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The youth of today

– A personal observation

Whiling away interminably long hours lying in a hospital bed will drive anyone stir-crazy. The chatter of hospital staff becomes a blur and, even when there’s a television present in the room, it all becomes tedious.

Recently, I visited someone during their week-long hospital stay here in Jerusalem. While there, I saw something wonderful which gave me great hope for the future:

A hodgepodge of young people in their teens and twenties, clad in sandals and blue jeans, walked from room to room singing songs for the patients. Three women and two men, one playing the guitar and another playing the melodica, made up the informal ensemble. They weren’t particularly professional, but their wrong chords and misplayed notes could be forgiven. They made up for it glowingly with their passion and compassion.

They sang familiar Hebrew songs. There was “Lema’an achai v’rey-ai,” composed half a century ago by Rabbi Shlomo Carlebach, extolling peace in the house of the Lord. They also sang “V’hi sheh’amda,” part of the thousand-year-old Passover Haggadah holiday story. God’s Word has stood with our ancestors and for us, its words proclaim. Though in every generation enemies rise up to destroy us, the Blessed, Holy One delivers us from their hands. It was beautifully appropriate, coming just four days after 350 missiles were fired at Israel unsuccessfully from four Muslim nations.

The patients’ faces beamed with admiration.

What inspired me was the devotion of the young musicians. They didn’t have to be there. They could have been out having fun with friends or home watching videos on their smart phones. After all, don’t we of the older generation shake our heads in bewilderment at the wasted years of “The youth of today”?

The Psalmist declared them the heritage of the Lord and a reward. He called it praiseworthy to be the father of many children (127:3ff.). We have many examples:

ˑ For years, volunteers for a local organization have collected food from supermarkets, restaurants and food manufacturers, sorted it, then distributed it every week among the poor and elderly in our neighborhood. I know because they used our garage to store the dry goods. Young people ran the entire operation themselves.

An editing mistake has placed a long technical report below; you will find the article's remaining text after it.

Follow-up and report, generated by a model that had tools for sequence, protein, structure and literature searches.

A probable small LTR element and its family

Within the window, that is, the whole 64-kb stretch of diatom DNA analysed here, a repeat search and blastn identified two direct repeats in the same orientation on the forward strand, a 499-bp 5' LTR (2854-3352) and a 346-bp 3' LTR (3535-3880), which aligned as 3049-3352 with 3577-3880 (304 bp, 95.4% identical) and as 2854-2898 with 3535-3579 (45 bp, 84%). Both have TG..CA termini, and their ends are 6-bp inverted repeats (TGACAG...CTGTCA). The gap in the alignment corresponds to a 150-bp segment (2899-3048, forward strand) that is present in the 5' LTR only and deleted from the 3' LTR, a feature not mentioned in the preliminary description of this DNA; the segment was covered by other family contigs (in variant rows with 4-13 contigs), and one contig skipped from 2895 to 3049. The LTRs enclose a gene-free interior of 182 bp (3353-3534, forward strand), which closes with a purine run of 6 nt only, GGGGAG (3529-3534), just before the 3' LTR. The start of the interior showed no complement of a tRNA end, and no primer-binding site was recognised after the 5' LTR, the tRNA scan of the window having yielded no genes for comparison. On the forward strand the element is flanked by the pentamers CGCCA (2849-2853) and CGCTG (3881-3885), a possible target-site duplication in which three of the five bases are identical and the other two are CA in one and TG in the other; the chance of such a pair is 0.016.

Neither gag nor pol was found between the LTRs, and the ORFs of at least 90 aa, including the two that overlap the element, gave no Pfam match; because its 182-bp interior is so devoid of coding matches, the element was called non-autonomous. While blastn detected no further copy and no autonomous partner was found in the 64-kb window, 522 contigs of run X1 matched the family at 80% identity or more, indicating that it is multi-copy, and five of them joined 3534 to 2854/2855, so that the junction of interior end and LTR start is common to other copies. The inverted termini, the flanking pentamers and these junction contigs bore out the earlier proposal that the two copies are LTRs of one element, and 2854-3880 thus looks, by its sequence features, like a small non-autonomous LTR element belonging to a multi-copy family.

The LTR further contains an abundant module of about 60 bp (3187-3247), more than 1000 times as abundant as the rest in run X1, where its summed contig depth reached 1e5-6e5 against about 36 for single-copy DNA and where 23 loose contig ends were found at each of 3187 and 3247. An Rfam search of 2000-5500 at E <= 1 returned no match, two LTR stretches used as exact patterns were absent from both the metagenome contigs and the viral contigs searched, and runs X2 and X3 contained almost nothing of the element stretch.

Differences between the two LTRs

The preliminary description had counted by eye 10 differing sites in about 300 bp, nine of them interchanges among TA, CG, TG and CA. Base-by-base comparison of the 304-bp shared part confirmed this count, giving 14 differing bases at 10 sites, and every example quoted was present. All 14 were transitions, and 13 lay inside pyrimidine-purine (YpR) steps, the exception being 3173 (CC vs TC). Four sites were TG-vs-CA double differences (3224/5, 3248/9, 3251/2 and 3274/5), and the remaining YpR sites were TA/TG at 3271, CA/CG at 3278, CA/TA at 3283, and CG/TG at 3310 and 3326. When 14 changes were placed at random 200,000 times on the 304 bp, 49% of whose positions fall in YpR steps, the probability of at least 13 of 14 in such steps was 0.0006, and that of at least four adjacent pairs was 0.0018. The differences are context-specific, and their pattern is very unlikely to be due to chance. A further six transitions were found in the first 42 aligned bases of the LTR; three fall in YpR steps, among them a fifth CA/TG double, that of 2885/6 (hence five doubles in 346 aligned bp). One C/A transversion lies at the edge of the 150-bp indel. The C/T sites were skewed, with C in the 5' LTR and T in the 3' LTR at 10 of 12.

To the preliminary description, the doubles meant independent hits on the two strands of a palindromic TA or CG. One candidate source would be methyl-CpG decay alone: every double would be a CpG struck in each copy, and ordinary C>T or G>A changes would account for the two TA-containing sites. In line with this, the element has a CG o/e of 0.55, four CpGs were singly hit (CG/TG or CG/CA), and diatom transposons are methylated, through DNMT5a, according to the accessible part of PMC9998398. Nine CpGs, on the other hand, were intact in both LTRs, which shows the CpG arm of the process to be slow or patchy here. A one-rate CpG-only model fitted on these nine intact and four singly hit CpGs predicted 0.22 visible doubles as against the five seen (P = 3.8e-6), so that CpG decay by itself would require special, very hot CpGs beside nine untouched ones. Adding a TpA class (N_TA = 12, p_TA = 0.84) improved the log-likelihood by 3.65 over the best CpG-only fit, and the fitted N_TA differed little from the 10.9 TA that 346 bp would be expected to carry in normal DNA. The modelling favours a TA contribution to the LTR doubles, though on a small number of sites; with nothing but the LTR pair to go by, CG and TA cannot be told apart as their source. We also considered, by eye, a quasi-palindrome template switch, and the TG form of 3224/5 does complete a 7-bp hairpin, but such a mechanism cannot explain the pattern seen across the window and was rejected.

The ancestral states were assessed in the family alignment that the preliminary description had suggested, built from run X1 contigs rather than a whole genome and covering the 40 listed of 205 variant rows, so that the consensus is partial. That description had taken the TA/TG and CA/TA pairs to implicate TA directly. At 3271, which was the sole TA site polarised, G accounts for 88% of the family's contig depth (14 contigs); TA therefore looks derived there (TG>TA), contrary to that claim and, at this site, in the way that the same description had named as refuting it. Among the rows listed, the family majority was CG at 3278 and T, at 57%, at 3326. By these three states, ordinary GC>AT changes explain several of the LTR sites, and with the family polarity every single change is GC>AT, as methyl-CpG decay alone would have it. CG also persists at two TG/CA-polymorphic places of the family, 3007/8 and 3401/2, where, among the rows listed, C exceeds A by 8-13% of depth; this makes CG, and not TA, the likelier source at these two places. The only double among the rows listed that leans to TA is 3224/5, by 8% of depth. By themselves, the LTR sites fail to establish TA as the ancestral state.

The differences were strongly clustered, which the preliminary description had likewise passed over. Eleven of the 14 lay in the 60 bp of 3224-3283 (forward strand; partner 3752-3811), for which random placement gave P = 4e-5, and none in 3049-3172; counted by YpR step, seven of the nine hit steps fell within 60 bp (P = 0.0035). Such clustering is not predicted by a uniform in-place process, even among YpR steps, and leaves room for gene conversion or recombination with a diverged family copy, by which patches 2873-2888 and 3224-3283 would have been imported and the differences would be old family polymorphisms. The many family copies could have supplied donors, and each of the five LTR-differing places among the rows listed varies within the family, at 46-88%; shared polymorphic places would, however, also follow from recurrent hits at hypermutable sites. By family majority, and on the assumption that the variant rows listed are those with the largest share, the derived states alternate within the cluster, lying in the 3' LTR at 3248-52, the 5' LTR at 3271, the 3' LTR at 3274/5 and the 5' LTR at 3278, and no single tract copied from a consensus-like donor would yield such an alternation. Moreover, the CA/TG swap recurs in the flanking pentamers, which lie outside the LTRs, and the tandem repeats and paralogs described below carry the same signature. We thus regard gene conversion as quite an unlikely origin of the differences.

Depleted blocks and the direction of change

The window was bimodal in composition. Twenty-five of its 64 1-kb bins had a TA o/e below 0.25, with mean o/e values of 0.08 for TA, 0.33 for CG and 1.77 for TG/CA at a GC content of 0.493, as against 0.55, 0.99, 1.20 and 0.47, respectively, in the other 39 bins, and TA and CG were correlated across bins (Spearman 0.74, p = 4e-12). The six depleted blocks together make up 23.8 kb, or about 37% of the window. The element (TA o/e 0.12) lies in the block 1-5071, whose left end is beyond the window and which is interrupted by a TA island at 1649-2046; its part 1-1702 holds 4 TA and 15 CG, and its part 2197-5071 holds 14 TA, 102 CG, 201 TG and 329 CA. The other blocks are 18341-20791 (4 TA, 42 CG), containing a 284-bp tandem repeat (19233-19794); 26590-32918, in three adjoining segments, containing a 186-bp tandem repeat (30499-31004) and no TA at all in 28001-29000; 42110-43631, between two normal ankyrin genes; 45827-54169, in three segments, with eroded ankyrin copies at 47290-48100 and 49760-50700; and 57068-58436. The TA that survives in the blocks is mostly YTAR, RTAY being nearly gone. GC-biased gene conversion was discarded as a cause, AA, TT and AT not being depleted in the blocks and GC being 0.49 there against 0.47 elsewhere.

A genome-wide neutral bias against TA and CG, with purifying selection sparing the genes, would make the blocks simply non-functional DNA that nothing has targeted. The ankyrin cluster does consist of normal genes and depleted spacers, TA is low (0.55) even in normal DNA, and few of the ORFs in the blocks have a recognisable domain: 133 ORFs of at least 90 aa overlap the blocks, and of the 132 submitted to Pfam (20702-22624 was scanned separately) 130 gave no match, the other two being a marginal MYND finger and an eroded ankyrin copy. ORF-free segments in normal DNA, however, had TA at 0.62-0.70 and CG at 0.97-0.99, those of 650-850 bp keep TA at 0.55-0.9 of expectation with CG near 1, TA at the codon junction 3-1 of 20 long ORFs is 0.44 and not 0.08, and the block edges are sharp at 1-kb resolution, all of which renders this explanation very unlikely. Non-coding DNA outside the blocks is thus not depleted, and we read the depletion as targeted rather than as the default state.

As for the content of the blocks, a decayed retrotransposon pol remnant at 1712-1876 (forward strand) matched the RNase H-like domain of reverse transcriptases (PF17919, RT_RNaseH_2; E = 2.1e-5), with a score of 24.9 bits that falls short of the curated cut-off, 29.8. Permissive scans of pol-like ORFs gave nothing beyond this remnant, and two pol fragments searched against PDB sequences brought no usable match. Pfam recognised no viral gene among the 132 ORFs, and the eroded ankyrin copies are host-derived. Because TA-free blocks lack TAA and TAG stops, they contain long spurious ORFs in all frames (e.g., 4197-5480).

ˑ Just up the street from our home is a building that is a home for severely disabled persons. They are unable to communicate or care for themselves. Every day they are walked down the street and through the local park, each one accompanied by a young caretaker. I have watched them for years and have admired these devoted young people. They are earthly angels.

ˑ After the horrible, heart-wrenching events of October 7 last year, the army called up 300,000 reserves. Yet over 335,000 soldiers showed up to serve their country. They were men and women of all ages, but those in their twenties were prominent among them. Some have been serving for six months, have even lost jobs and had their businesses go under, but their patriotism is unshaken.

As parents, there are times when we ask ourselves, “Where did we go wrong?” That may sometimes be true. But I believe our children, notwithstanding their innocence or their foolishness, are resilient, have vision and focus. It is not obvious, but in crisis and need, they are there in determined force.

Even when the notes are out of tune.